This new screen was a mad idea I had yesterday. Allows drill down into the income of every voter showing how policies and situations have affected a voters disposable income. Many numbers are not final obviously. You like?
There are dots on left border - are they unemployed people (no income, or at least no official income)?
Dots on right border are probably so rich, that their income is runaway - they use money to make money (savings in bank, stock markets and such).
Since voter is 1/2000th of population - richest voter represents top 0.05%
What does equality simulation actually represents by the way?
Max equality would mean thin line here.
It seems to be more upward social mobility strength.
Some needs of poorest people are subsidized by state.
Also there is poverty simulation - seems to be downward social mobility strength at least for poor income class.
When I tried mostly capitalist approach it was middling here, even with social welfare (no public housing/healthcare/education/pensions).
This is not 100% finished, as numbers need balancing, and I need to introduce mitigating effects on some income groups etc…but this screen is close to final now.
There is private and state housing income change - seems like state housing lower cost of private housing effectively.
Also there is no Wealthy membership (24% poor, and 76% middle income).
Or is it now sliding scale: 100% poor - no or minimum defined income.
100% middle income: Middle level of defined incomes.
100% wealthy: Max defined income.
By the way are those incomes monthly or yearly or quarterly?
Also there should be inflation, if you increase median income too fast, inflation could effectively lower incomes.
Higher incomes would mean higher GDP, as consumption is part of it too.
I guess Median and Average income simulation could be used by this.
Also post policy changes contain effects of simulations, most likely situations too and probably events/dilemmas.
Yup, post-policy is basically now and pre-policy is basically how the voter was born, where everyone is arranged in a normal distribution.
The selected voter is 24% poor, and 76% middle income, so they are basically at the lower range of middle income where things start to overlap (This is to avoid cliff-edge effects).
In this example state housing exists, but is not maximum, so people are still using private housing. We can think of it as 2 effects, the base cost of private housing, offset by the housing price pressure (downwards) by some subsidized state housing.
Now everyone’s income will be affected by Debt Crisis situation, since almost everyone has some Middle class membership.
How distribution will look, if you enable all policies raising income and disable all policies lowering income?
Or if you enable all policies lowering income to max and disable ones raising it?
How Income class simulations are done now?
Or were those removed? I don’t see them on screenshot.
So income membership is like this:
> 90% Poor - Extreme Poverty (at this point all income goes to survival)
> 75% Poor - Poverty
> 50% Poor - Poor
> 25% Poor - Lower Middle Class
< 25% Poor or < 25% Wealthy - Middle Class (Modest, safe and nice life)
> 25% Wealthy - Higher Middle Class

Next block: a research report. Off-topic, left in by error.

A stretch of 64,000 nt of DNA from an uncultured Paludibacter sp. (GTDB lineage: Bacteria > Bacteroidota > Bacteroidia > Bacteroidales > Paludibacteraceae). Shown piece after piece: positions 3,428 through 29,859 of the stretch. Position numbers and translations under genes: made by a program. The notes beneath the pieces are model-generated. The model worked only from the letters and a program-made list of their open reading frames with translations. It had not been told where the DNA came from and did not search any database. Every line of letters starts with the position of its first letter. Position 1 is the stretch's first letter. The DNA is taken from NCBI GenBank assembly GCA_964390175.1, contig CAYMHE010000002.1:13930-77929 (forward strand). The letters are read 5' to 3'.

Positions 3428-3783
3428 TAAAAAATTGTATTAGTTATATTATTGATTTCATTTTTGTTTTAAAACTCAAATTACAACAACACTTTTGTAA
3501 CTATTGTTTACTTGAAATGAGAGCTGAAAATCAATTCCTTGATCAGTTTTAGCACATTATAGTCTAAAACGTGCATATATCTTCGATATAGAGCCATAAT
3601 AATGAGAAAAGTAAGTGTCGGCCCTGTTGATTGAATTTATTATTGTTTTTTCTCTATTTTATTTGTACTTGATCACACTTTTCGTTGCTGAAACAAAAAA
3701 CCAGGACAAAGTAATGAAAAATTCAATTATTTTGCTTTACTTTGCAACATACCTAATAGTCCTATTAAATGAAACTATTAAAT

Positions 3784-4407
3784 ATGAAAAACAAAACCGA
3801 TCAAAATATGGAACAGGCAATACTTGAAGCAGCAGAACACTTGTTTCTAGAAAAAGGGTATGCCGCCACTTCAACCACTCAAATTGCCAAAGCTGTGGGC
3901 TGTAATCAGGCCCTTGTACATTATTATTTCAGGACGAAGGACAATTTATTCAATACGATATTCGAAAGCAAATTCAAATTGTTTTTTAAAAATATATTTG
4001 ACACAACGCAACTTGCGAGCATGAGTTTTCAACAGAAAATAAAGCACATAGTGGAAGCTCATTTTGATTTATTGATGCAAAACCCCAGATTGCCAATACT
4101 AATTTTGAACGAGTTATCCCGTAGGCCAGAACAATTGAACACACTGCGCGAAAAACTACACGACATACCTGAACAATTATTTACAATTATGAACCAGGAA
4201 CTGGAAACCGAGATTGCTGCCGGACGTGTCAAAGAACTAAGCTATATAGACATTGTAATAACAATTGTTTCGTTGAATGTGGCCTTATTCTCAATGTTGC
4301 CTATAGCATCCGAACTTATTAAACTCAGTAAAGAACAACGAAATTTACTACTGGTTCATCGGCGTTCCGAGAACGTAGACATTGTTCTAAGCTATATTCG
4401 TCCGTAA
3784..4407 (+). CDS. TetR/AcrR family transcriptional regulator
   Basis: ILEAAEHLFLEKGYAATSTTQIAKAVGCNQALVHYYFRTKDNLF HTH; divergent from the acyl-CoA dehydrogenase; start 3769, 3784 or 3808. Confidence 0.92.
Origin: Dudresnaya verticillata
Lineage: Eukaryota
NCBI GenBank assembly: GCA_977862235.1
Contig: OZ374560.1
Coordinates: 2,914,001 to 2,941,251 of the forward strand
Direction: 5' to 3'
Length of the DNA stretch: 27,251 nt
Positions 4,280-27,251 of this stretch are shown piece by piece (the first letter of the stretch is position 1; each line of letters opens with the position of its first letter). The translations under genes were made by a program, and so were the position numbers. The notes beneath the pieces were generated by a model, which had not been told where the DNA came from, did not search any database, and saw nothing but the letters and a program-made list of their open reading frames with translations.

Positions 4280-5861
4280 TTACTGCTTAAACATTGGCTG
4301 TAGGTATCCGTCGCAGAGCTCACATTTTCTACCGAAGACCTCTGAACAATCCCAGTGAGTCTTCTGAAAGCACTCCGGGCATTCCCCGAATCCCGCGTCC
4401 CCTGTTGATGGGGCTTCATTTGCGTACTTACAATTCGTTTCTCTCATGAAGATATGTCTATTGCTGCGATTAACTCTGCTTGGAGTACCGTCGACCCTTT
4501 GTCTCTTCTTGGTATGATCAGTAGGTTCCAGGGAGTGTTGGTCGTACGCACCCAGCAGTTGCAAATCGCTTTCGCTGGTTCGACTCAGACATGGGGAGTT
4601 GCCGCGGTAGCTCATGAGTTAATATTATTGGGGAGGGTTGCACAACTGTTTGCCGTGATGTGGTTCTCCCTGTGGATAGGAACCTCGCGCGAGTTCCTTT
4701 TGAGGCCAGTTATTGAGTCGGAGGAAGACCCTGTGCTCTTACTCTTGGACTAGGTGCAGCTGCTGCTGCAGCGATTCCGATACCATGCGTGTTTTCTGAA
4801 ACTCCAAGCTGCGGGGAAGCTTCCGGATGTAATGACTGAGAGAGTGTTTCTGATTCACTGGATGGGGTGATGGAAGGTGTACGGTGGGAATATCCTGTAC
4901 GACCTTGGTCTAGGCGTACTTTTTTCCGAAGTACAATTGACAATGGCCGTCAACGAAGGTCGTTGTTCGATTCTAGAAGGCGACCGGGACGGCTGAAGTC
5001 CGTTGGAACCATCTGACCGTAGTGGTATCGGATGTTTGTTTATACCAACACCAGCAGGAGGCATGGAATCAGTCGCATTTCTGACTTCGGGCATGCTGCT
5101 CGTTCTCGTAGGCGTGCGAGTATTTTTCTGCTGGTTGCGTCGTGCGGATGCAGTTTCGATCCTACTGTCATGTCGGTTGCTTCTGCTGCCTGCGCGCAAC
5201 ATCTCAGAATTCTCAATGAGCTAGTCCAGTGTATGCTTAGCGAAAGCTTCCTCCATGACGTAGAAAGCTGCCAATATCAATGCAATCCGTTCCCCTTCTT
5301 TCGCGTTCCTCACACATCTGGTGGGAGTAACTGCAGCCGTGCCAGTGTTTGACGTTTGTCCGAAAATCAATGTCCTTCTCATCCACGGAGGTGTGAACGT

> 50% Wealthy - Wealthy
> 75% Wealthy - Filthy Rich
> 90% Wealthy - Multimillionaire (at this point almost all income goes for fun and savings and investment)
Equality, Poverty simulations and Extreme Poverty situation should be influenced by income distribution.
Equality - variance of income distribution
Poverty - amount of >75% Poor people
Extreme Poverty - amount of >90% Poor people
Business confidence could be influenced by amount of >50% Wealthy people.
Indeed, we currently measure inequality and poverty as distinct entities like anything else, but really they could be both derived from this data… This will need some tweaking during early access I think.
Can income affect voter’s happiness?
Lowest income would have -100% happiness influence, while highest income would be +100% influence.
Happiness bounds could have different values.
This would simulate poor people complaining about their low incomes in general.
Since in real world happiness is tied to logarithm of income/wealth among other things, in game it could depend like x^1/2 or x^1/3
So now cliff effects are accounted for.
Voter has a% Middle class and b% Wealthy (or Poor) class membership.
Policy X changes middle class income by X% and Wealthy (or Poor) income by Y%.
Effective change of income is aX+bY from policy, right?
Also Wealthy and Poor are separate wealth classes and share Middle class together.
Income is from 0 to 1. Pure middle class would be 0.5.
0 - 0.333 would be Poor, 0.333 - 0.667 would be Middle Class and 0.667 - 1 would be Wealthy voter.
This way those voters could be split up to separate classes.
So voter with less than 33.3% Poor or Wealthy membership is Middle class.
Yup, there are no cliff edges any more, voters slide in a soft fashion between income groups. Reagrding happiness, its true what you say, but dont forget that what we care about is theoretically not voters happiness in the pure sense, but their satisfaction with government.
I’m sure there are income levels where a higher tax burden makes zero real impact on your quality of lfie or genuine happiness, but people are still likely for the most part to react badly to paying more tax, partly because it can be seen as punitive, or an implication that they do not deserve the money.